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FFXI was one of the first MMO titles to introduce a stable and entirely player controlled economy. The Auction House system (commonly referred to as the AH) provides the means for thousands of players to trade with each other without direct contact.
In the auction houses of FINAL FANTASY XI, sellers designate an asking price when they put items up for bid. The first bidder to offer a price higher than the asking price gets to purchase the item. These places are a magnet for players, since it's possible to get a better deal here than at the shops run by NPCs.
After the severe supply shortages during the Great War against the Dark Lord, the black market of Jeuno prospered even as common people suffered; but lately, with increasing number of adventurers looking to sell items which are useless for them but crucial for others, the auction house has become a pivotal part of Vana'diel society. These auction houses are the brainchild of private investors who used them as hubs of commerce in the heart of each nation. Auction houses have really promoted the circulation of goods, which is vital for the success of new adventurers.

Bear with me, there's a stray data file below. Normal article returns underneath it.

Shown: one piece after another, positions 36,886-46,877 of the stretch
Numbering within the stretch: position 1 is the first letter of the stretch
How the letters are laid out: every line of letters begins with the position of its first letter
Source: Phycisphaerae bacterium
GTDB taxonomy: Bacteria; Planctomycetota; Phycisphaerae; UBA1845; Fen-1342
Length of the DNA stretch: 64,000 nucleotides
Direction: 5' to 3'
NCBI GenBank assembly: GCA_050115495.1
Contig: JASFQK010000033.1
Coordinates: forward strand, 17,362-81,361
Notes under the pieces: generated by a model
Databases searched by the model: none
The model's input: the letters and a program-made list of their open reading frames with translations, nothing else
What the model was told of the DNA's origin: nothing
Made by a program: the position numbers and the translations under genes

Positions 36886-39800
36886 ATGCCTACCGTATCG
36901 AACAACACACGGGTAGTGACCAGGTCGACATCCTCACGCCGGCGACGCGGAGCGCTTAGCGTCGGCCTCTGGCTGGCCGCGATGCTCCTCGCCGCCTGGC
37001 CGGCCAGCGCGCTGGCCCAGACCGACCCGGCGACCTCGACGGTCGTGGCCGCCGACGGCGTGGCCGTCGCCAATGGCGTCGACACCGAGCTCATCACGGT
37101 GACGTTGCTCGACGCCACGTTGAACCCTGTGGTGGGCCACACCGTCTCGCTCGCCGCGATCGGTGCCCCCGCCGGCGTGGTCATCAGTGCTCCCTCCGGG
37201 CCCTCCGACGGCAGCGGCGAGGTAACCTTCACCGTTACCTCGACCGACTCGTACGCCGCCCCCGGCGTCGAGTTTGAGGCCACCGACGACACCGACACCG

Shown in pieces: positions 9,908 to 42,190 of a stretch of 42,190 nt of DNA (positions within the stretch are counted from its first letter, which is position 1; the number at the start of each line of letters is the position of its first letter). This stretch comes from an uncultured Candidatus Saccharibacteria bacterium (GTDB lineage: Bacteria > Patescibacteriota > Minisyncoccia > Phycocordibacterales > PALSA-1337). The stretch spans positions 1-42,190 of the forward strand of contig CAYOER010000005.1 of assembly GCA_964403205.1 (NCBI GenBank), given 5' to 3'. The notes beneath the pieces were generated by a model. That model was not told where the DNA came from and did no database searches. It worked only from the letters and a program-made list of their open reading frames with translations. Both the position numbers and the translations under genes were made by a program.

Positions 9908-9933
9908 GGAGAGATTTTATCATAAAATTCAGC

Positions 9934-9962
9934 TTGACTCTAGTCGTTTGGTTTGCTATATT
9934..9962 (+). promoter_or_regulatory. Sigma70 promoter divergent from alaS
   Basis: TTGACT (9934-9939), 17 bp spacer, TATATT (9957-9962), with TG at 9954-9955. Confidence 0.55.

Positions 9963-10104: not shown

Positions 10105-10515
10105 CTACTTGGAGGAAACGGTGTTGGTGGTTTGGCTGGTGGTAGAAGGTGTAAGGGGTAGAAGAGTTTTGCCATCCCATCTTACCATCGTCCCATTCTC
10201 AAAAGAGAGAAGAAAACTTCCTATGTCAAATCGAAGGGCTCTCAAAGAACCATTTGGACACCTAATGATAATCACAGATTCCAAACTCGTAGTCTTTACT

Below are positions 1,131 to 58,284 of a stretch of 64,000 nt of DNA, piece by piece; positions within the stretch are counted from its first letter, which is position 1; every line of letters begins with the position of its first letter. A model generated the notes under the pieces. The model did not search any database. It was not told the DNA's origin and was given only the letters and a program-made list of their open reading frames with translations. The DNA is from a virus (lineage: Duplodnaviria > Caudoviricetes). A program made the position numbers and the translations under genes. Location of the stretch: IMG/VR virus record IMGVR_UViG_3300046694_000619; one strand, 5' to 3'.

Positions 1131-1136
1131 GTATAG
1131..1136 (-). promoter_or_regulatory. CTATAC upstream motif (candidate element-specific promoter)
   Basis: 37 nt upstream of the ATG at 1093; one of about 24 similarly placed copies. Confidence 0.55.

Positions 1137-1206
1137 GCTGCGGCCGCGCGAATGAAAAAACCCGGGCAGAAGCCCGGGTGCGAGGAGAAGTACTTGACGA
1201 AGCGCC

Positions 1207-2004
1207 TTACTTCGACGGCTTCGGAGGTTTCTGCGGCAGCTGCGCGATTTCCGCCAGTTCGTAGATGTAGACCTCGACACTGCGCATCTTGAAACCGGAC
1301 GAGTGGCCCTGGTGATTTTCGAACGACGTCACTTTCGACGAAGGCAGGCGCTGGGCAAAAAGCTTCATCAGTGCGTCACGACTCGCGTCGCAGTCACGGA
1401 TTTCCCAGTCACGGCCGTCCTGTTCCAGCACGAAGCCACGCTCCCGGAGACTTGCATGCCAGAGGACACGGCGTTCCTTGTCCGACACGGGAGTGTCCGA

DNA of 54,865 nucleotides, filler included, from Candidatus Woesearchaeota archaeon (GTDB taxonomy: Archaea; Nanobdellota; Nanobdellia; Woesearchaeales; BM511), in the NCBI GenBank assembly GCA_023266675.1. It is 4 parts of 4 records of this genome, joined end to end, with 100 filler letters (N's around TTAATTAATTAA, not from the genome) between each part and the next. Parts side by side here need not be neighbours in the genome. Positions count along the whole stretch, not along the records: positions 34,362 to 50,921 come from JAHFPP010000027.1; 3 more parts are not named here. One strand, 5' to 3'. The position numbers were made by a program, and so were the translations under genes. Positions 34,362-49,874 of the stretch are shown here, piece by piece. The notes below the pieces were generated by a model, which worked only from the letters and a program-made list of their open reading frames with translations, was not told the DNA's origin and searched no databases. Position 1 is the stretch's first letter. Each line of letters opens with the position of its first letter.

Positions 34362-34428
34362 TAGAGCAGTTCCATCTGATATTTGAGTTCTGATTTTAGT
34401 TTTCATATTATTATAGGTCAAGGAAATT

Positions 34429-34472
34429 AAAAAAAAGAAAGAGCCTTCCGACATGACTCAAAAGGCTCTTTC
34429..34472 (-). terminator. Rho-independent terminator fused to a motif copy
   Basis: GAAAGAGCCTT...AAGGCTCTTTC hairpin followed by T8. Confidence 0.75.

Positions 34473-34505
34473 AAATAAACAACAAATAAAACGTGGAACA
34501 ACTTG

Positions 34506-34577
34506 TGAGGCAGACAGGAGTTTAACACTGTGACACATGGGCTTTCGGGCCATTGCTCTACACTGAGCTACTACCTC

The benefits of this system are not restricted to the main cities only, remote and far off areas also benefit through the new revolutionary delivery services and management utilizing linkpearls.
FFXI Auction System
According to the rules governing the auction houses, a seller places the items in the Auction House for sale and the highest bidder in the auction takes the goods home. The goods that are not sold over a period of 30 Vana'diel weeks (9 1/2 Earth days) are returned to their owners through the delivery box of their Mog Houses.
FFXI Auction Security